Building a .NET Disassembler (Part 5) – Reading the #Strings Stream

This one should be a quickie compared to the previous parts of this series.

Today we are just quickly covering reading the strings out of the #Strings stream.

To get the byte[] that makes up this stream, see the previous part on reading the metadata stream.

Once you have the bytes for this stream, Each of the strings is simply null terminated. So all you do is read null terminated strings to the end of the stream.

One thing to note however, is that when any of the metadata tables references a string in this stream, it does so by passing in an “offset”. This offset is the byte offset relative to the start of the #Strings stream. So you would set your reader to that position, and read a null terminated string.

In my code, I decided to load all the strings at once into memory, but to use the offsets from the metadata stream, I needed to retain their offsets (remember, it is a relative byte offset, not a simple index into the array of all strings). So I did this by just reading all the strings into a Dictionary<uint, string> where the key into the dictionary was the offset where the string started, which will be the same as the offset used by the metadata tables.

So, previously I had shown code for reading a null terminated string, but here it is again, as an extension on BinaryReader:

        public static string ReadNullTermString(this BinaryReader reader)
        {
            var buffer = new List<char>();
            char current;
            while ((current = reader.ReadChar()) != '\0')
                buffer.Add(current);
            return new string(buffer.ToArray());
        }

So now we can read all the strings like this:

    public class StringsStream
    {
        private readonly Dictionary<uint, string> _strings;

        public StringsStream(Dictionary<uint, string> strings)
        {
            _strings = strings;
        }

        public string GetByOffset(uint offset)
        {
            return _strings[offset];
        }

        public IEnumerable<string> GetAll()
        {
            return _strings.Values;
        }
    }

    public class StringsStreamReader
    {
        private readonly BinaryReader _reader;
        private readonly int _dataSize;

        public StringsStreamReader(byte[] data)
        {
            _dataSize = data.Length;
            _reader = new BinaryReader(new MemoryStream(data));
        }

        public StringsStream Read()
        {
            var strings = new Dictionary<uint, string>();
            while (_reader.BaseStream.Position < _dataSize)
            {
                strings.Add((uint)_reader.BaseStream.Position, _reader.ReadNullTermString());
            }
            return new StringsStream(strings);
        }
    }

So from there you can just use an instance of StringsStream to get a string by its offset, or get the list of all of them if you are dumping them to a UI.

So if you combine the reading of the “Module” metadata table from Part 4 of this series, that metadata table had a “Name” property that was an index into the Strings stream that we just read. So we can put it together like this, to print the name of every module to the console:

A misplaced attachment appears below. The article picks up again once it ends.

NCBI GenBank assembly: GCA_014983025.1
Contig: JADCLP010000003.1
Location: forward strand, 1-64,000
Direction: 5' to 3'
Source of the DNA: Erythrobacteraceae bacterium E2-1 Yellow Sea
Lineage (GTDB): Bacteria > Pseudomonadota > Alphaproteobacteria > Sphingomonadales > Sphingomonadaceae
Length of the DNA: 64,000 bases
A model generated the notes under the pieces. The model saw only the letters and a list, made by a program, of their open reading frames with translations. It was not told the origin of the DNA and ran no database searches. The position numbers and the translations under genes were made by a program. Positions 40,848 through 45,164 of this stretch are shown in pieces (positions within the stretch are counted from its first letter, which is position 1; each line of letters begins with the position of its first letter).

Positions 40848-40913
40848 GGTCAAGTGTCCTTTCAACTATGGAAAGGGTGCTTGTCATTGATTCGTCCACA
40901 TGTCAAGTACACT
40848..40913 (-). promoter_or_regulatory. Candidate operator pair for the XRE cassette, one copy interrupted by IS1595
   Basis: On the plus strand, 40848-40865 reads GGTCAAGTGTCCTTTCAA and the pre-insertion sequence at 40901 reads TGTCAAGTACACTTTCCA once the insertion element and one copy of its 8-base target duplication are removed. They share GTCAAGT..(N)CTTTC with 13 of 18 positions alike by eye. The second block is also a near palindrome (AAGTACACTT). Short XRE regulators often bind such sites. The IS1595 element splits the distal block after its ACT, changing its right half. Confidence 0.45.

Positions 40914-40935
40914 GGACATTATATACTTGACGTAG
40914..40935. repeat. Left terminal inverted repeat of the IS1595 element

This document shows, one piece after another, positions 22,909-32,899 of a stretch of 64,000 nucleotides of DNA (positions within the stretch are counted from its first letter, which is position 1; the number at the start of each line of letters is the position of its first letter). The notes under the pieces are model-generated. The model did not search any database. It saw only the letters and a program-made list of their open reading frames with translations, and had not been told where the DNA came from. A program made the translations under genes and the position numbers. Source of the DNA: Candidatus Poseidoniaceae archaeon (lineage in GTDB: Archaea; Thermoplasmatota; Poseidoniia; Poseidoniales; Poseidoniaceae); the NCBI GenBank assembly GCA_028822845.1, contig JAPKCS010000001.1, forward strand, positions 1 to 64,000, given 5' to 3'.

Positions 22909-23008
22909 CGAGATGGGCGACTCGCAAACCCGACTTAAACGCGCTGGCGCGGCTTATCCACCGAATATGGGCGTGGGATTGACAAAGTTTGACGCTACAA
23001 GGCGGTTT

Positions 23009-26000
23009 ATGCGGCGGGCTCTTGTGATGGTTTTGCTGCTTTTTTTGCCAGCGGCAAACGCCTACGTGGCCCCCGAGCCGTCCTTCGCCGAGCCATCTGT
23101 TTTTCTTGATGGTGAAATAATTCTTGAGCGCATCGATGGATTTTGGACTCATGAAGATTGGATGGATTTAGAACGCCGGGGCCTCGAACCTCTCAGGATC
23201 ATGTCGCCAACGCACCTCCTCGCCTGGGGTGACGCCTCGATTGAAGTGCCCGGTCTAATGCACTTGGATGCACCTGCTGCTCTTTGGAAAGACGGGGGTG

foreach (var moduleTableRow in textSection.MetadataStream.ModuleTable)
    {
        var moduleName = textSection.StringsStream.GetByOffset(moduleTableRow.Name);
        Console.WriteLine("Module Name: " + moduleName);
    }

Next Time…

I’m actually not sure what we will cover next time. Probably reading the remaining streams (#US, #GUID, #Blob). See you next time!

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Posted in Programming
5 comments on “Building a .NET Disassembler (Part 5) – Reading the #Strings Stream
  1. Frank Rosenholz says:

    Ahhhhh… I want to read the #Blob stream because it contains the data that VB.Net uses for the My.Application.Info.ProductName value and I want to change it as a post build step… where is part 6?!! XD

  2. Frank Rosenholz says:

    I followed along in a hex editor. The data that I am interested in is everything that is defined by the AssemblyInfo file in the following fields:

    They are located at the very end of the #Blob stream using UTF-8 encoding but I do not know how to parse this data let alone change it 😦

  3. Frank Rosenholz says:

    It removed the Assembly attributes because of the < > characters.
    I meant: AssemblyTitle, AssemblyDescription, AssemblyCompany, AssemblyProduct, AssemblyCopyright, AssemblyTrademark, ComVisible and Guid.

    • rally25rs says:

      Hi Frank. Thanks for the interest in the blog posts. It has actually been almost 2 years since I wrote the first parts of that series. Right around that time, I ended up changing jobs and getting really focused on client-side web development and JavaScript, and I actually never finished my decompiler project. I actually learned a lot of information from the book “Inside Microsoft .NET IL Assembler” which you can find very cheap. Since it has been so long now since I worked on that disassembler, I really don’t remember much of it or where I left off, so unfortunately I probably won’t be of much help.

      • If anyone is interested I’ve long since written something that’s as far along as this is. Structured a typing model that is focused on making a compiler in the future. Got as far as parsing the data stream for method bodies. Things get a bit dicey when you try to understand the weirder data that the compilers add in. — Let me know if you’re interested in knowing more.

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CodingWithSpike is Jeff Valore. A professional software engineer, focused on JavaScript, Web Development, C# and the Microsoft stack. Jeff is currently a Software Engineer at Virtual Hold Technologies.


I am also a Pluralsight author. Check out my courses!

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